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New York Governor David Paterson
New York State Budget
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December 19, 2008

It's not an easy time to be a governor. The federal government is facing lowered revenues and massive outflows for the Wall Street bailouts and will have little to spare for states. And, unlike the federal government, many state governments have balanced budget laws that prohibit them from carrying a deficit. At least 43 states face budget shortfalls in this fiscal year, or will face them in the coming one, according to the Center on Budget Policy Priorities. The head of the National Governors Association, Raymond C. Sheppach, has predicted that states may face as much as $200 billion in deficits over the next two years.

David A. Paterson, who became New York's 55th Governor on March 17, 2008, following the resignation of the disgraced Eliot Spitzer, faces a double challenge. On March 16, 2008, the Federal government announced that it had engineered JP Morgan's purchase of the collapsing firm Bear Stearns. Only a harbinger, Bear Stearns was followed that autumn by a procession of high-profile failures on Wall Street in the largest financial disaster since the Great Depression. New York State, which relies on Wall Street for 20% of its tax revenue, soon had the largest budget shortfall in its state history — $15.4 billion dollars. Paterson's 2009/2010 state budget is subtitled: "Greatest Economic and Fiscal Challenge of Our Lifetime."

Governor Paterson joins Bill Moyers on the JOURNAL to discuss his budget plan for New York, and the problems facing governors across the United States as they struggle to close budget gaps in a tough year.

>Find out where your state might be cutting costs from the resources links below.

Governor David A. Paterson
Governor Paterson began his career in government in 1985, when he was elected to represent Harlem in the New York State Senate, becoming the youngest senator in Albany. In 2003, he became the minority leader of the New York State Senate, the first non-white legislative leader in New York's history. He made history again in 2004 when he became the first visually impaired person to address the Democratic National Convention. He became New York's first African-American Lieutenant Governor in 2007 and is now New York's first African-American governor.

According to his official biography, as Lieutenant Governor, Governor Paterson's primary legislative focus was on: a $600 million stem cell research initiative in New York, the nation's second largest allocation; a statewide renewable energy strategy that harnesses the sun and wind; preventing domestic violence and empowerment of its victims; and championing minority- and women-owned businesses in New York.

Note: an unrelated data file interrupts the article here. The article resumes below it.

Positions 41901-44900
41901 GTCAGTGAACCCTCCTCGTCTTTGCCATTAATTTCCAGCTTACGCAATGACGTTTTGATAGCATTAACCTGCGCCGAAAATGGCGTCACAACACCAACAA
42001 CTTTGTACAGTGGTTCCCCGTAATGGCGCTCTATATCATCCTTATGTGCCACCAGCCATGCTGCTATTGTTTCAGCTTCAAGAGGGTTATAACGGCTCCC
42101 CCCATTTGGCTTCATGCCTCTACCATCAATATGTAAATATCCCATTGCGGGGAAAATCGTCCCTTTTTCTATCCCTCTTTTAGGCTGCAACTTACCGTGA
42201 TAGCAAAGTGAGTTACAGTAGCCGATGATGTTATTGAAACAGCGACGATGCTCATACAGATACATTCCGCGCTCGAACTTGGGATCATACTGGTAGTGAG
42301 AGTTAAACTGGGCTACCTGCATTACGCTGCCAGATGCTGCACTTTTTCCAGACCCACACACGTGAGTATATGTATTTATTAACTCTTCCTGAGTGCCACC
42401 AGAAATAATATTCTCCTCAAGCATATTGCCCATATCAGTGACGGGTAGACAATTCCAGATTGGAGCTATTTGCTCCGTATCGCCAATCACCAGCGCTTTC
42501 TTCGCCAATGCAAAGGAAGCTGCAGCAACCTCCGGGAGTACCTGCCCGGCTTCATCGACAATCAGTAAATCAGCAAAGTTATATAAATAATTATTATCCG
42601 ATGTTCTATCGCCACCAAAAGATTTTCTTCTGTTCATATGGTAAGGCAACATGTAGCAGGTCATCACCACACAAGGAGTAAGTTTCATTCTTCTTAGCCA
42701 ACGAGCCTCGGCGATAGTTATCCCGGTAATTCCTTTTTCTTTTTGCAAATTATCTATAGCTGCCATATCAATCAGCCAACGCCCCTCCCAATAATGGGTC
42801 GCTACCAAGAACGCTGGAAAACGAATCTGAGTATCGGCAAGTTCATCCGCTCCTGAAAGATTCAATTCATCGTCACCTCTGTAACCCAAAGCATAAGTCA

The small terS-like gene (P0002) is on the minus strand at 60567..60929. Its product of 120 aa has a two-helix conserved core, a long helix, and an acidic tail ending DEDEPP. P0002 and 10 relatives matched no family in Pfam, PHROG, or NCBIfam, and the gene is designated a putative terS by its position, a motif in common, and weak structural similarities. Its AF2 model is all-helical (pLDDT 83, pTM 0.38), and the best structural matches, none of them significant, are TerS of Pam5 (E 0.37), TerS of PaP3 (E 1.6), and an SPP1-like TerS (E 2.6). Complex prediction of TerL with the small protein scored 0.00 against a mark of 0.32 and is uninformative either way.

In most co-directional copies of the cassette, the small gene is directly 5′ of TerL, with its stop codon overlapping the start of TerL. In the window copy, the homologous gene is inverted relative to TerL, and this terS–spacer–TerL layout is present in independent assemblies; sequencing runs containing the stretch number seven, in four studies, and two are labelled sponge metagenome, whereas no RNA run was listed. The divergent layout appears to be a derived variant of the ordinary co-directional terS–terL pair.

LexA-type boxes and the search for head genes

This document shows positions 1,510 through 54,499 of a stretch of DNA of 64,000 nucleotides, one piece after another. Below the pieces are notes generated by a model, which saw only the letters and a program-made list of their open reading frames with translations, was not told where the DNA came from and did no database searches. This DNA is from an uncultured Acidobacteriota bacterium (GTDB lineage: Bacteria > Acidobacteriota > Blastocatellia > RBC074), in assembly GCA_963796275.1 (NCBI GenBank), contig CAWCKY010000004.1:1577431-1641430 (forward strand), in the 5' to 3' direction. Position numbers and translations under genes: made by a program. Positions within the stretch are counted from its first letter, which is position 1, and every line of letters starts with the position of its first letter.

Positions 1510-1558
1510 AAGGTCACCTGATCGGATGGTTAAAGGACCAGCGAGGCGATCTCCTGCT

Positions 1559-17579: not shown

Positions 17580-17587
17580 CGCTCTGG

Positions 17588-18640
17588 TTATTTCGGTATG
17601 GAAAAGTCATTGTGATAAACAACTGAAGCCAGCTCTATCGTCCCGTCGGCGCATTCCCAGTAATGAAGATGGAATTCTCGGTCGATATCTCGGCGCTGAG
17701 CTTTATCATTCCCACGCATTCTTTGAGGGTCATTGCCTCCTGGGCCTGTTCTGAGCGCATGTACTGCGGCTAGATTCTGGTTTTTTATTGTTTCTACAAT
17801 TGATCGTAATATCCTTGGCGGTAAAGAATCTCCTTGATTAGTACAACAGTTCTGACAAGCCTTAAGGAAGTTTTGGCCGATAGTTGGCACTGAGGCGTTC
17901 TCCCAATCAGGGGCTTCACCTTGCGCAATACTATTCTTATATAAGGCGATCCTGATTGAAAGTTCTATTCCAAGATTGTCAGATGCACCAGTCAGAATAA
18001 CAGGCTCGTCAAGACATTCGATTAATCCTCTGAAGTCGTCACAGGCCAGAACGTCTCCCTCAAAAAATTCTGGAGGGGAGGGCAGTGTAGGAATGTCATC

Governor Paterson, who is legally blind, is nationally recognized as a leading active advocate for the visually and physically impaired. He is a member of the American Foundation for the Blind. In addition, he is a Member of the Board of the Achilles Track Club, having completed the New York City Marathon in 1999. He serves as a member of the Democratic National Committee and as a board member of the Democratic Legislative Campaign Committee.

Governor Paterson was born May 20, 1954 in Brooklyn, NY to Portia and Basil Paterson, the first non-white Secretary of State in New York and the first African-American Vice-Chair of the National Democratic Party. Paterson earned his bachelor's degree in History from Columbia University in 1977, and completed his J.D. at Hofstra Law School in 1982. He serves as an adjunct professor at Columbia's School for International and Public Affairs.

Published on December 19, 2008.

Guest photo by Robin Holland.

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References and Reading:
National Association of State Budget Officers
"Founded in 1945, NASBO serves as the professional organization for all state budget officers of the fifty states and U.S. territories. NASBO is an independent association with membership consisting of the heads of state budget offices, state finance departments and their staffs."

New York 2009-2010 Executive Budget
Official Web site of the Governor's proposed budget for the 2009-2010 fiscal year.

Center on Budget and Policy Priorities: State Budget Troubles Worsen
"States are facing a great fiscal crisis. At least 43 states faced or are facing shortfalls in their budgets for this and/or next year. States are currently at the mid-point of their fiscal year which started July 1 in most states and are in the process of preparing their budgets for the next year. The outlook for state budgets remains grim." Budget gap could widen to $200 billion, December 15, 2008 is a nonprofit, nonpartisan online news site that practices journalism in the public interest by reporting on emerging trends and issues in state policy and politics.

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